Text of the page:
Under a new law in Utah, generally applicable to employers with 15 or more employees, an employer may not:
- Refuse to provide reasonable accommodations for an employee related to pregnancy, childbirth, breastfeeding, or related conditions:
- If the employee requests a reasonable accommodation; and
- Unless the employer demonstrates that the accommodation would create an undue hardship on its operations;
- Require an employee to terminate employment if another reasonable accommodation can be provided for the employee’s pregnancy, childbirth, breastfeeding, or related conditions-unless the employer demonstrates that the accommodation would create an undue hardship on its operations; or
- Deny employment opportunities to an employee, if the denial is based on the need of the employer to make reasonable accommodations related to the pregnancy, childbirth, breastfeeding, or related conditions of an employee-unless the employer demonstrates that the accommodation would create an undue hardship on its operations.
The law contains additional provisions, including (but not limited to) the following:
- An employer may generally require an employee to provide a certification from the employee’s health care provider concerning the medical advisability of a reasonable accommodation. (Note: Such certification must include certain requirements.)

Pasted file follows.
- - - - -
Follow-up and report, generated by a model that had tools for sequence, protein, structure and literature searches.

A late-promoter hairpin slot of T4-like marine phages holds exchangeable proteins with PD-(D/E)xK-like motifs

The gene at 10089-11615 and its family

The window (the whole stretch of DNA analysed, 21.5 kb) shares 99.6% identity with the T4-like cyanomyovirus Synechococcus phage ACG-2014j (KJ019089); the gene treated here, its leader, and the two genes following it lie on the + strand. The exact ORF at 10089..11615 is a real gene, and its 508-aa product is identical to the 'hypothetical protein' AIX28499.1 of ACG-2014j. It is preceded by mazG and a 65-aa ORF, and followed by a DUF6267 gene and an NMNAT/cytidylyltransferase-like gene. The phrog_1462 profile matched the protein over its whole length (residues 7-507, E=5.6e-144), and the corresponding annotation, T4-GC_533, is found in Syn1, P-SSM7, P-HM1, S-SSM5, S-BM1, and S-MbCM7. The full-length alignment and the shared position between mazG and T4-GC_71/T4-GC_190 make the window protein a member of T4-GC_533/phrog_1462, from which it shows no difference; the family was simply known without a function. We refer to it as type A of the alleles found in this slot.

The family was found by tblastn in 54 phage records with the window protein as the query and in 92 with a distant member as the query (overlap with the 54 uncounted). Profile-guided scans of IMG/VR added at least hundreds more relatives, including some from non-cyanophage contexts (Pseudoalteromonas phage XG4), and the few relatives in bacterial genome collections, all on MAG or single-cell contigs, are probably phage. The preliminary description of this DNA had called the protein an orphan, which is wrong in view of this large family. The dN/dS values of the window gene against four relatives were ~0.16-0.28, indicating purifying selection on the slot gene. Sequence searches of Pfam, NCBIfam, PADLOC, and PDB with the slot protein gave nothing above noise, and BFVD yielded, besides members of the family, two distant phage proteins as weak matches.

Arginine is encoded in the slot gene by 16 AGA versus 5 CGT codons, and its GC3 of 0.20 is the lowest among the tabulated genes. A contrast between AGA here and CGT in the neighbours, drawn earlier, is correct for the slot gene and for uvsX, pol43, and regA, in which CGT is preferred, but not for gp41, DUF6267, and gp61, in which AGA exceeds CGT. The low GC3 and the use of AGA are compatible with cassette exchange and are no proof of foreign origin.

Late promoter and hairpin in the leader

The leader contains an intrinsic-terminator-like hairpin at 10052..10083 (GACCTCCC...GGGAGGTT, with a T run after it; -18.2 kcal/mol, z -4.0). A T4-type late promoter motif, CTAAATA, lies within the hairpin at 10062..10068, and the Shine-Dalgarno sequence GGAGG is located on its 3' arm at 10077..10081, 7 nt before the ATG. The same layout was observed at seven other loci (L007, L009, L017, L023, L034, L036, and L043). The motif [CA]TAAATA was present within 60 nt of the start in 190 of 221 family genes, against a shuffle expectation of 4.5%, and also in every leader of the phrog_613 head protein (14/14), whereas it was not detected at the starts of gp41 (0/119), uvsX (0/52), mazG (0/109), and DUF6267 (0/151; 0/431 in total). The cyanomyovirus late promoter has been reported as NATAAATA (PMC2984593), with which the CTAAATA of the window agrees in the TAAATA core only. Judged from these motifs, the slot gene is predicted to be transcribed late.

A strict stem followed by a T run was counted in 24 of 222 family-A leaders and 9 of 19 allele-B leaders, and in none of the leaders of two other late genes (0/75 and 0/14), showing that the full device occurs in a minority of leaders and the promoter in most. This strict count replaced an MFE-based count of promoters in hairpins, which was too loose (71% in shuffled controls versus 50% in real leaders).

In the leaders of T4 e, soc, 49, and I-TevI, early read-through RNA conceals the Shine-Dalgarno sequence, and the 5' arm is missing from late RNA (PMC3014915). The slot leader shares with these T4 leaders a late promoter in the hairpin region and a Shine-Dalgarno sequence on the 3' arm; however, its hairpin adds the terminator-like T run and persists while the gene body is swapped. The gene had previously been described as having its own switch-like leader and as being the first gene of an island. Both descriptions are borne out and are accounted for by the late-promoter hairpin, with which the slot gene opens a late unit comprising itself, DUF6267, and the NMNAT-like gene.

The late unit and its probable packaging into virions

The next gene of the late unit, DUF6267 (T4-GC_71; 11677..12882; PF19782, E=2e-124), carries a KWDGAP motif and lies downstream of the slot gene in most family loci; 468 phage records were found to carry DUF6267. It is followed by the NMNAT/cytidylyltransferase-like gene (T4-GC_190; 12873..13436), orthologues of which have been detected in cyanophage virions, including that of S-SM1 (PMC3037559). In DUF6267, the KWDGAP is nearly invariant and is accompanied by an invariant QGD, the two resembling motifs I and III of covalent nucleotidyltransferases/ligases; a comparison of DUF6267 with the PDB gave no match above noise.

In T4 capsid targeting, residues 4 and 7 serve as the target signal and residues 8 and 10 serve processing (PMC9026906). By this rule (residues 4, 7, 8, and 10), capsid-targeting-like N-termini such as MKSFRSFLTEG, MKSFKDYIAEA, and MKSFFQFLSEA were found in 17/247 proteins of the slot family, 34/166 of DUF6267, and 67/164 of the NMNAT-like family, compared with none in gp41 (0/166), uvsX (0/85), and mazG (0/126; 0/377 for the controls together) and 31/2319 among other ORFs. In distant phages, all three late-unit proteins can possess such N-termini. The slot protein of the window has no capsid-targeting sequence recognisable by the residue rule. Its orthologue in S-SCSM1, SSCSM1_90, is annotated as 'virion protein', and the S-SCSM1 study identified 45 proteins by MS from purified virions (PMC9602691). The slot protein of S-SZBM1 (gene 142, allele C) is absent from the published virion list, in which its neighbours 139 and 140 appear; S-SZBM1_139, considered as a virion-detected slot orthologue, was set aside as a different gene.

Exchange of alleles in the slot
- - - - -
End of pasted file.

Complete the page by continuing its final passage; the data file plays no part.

- However, an employer may not require an employee to obtain a certification for more frequent restroom, food, or water breaks.
- An employer is not required to permit an employee to have the employee’s child at the workplacefor purposes of accommodating pregnancy, childbirth, breastfeeding, or related conditions.
- An employer must include in an employee handbook-or post in a conspicuous place in its place of business-written notice concerning an employee’s rights to reasonable accommodations for pregnancy, childbirth, breastfeeding, or related conditions.
The law is effective May 10, 2016. Click here to read the text of the law.
To review other state laws specific to Utah, visit the State Laws section, click on Utah, and choose your topic of interest from the left-hand navigation menu.
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